Functional coupling of renal K+ and Na+ handling causes high blood pressure in Na+ replete mice


A network of kinases, including WNKs, SPAK and Sgk1, is critical for the independent regulation of K+ and Na+ transport in the distal nephron. Angiotensin II is thought to act as a key hormone in orchestrating these kinases to switch from K+ secretion during hyperkalaemia to Na+ reabsorption during intravascular volume depletion, thus keeping disturbances in electrolyte and blood pressure homeostasis at a minimum. It remains unclear, however, how K+ and Na+ transport are regulated during a high Na+ intake, which is associated with suppressed angiotensin II levels and a high distal tubular Na+ load. We therefore investigated the integrated blood pressure, renal, hormonal and gene and protein expression responses to large changes of K+ intake in Na+ replete mice. Both low and high K+ intake increased blood pressure and caused Na+ retention. Low K+ intake was accompanied by an upregulation of the sodium-chloride cotransporter (NCC) and its activating kinase SPAK, and inhibition of NCC normalized blood pressure. Renal responses were unaffected by angiotensin AT1 receptor antagonism, indicating that low K+ intake activates the distal nephron by an angiotensin-independent mode of action. High K+ intake was associated with elevated plasma aldosterone concentrations and an upregulation of the epithelial sodium channel (ENaC) and its activating kinase Sgk1. Surprisingly, high K+ intake increased blood pressure even during ENaC or mineralocorticoid receptor antagonism, suggesting the contribution of aldosterone-independent mechanisms. These findings show that in a Na+ replete state, changes in K+ intake induce specific molecular and functional adaptations in the distal nephron that cause a functional coupling of renal K+ and Na+ handling, resulting in Na+ retention and high blood pressure when K+ intake is either restricted or excessively increased.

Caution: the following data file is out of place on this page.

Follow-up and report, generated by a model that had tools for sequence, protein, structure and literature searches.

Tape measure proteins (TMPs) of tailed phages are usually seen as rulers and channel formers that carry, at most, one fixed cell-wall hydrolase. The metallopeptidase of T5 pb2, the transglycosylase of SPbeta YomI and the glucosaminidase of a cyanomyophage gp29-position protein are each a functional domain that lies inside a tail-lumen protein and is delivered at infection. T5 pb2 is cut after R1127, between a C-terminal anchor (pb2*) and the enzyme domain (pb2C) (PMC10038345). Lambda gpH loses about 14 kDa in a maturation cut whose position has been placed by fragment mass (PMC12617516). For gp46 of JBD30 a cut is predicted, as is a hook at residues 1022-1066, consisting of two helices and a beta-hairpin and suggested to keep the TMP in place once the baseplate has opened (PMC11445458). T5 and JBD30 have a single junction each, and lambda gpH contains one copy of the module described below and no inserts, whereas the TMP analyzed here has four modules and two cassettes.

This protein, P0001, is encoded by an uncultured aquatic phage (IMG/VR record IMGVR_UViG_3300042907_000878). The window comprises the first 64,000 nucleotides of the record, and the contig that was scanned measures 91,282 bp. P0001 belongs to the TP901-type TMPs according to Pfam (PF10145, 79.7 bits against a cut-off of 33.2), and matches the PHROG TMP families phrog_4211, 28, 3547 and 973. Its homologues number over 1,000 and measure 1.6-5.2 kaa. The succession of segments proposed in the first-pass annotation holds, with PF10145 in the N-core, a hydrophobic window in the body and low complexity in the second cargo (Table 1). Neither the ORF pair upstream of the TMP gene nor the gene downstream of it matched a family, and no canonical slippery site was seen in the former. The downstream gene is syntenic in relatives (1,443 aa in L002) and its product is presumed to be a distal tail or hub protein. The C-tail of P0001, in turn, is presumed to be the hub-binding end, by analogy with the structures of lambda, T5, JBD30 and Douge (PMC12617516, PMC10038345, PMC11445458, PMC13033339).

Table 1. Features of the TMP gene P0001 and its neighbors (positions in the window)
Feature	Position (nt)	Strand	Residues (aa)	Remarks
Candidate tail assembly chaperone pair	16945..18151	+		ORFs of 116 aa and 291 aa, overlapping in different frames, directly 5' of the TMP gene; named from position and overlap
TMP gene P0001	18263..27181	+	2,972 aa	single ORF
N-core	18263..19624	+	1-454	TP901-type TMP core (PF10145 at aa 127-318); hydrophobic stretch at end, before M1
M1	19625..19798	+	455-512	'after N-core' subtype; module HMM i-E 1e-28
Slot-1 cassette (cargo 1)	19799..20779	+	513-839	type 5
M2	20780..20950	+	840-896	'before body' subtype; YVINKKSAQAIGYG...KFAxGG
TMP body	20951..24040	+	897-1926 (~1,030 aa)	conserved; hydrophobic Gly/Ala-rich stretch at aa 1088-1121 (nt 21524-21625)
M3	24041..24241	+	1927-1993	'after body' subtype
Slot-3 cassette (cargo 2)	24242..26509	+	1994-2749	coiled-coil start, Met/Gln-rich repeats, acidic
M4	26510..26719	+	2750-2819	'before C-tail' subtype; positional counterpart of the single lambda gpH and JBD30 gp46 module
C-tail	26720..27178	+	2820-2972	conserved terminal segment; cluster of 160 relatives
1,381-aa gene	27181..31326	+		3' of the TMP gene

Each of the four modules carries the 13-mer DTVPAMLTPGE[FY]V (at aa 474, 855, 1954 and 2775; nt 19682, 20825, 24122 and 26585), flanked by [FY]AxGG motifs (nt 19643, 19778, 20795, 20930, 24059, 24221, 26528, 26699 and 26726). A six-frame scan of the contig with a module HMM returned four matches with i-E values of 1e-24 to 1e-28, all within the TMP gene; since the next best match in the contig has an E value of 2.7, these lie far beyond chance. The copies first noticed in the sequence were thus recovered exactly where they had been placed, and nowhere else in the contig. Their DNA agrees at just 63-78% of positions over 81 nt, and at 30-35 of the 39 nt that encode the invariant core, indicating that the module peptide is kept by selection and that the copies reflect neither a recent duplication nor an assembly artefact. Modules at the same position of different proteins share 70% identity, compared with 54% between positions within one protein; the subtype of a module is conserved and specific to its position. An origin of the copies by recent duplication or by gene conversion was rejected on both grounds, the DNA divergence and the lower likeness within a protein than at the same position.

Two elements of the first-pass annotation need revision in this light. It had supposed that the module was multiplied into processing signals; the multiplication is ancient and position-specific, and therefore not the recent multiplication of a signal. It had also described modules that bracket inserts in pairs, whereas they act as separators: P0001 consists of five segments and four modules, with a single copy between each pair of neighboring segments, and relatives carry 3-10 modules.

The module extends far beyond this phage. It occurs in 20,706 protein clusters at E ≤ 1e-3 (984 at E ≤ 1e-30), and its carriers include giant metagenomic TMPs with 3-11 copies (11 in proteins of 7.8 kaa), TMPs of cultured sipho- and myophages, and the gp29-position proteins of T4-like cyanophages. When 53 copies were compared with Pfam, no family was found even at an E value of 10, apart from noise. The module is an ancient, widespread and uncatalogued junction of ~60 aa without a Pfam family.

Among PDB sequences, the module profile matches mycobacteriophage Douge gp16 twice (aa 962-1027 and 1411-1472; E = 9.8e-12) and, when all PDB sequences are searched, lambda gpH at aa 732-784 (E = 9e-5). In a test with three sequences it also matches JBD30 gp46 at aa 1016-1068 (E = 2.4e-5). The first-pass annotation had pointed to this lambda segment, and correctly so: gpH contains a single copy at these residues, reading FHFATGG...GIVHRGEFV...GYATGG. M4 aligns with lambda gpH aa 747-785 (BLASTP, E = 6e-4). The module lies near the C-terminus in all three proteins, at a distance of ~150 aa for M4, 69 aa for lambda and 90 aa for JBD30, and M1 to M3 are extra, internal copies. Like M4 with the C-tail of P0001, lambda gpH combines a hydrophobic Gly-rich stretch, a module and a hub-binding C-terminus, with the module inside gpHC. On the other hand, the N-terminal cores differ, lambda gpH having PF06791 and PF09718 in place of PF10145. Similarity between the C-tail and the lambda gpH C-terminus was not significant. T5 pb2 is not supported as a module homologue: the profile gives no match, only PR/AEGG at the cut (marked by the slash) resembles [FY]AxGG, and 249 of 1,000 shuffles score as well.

Bibliografische Daten

StatusVeröffentlicht - 01.03.2014
PubMed 24396058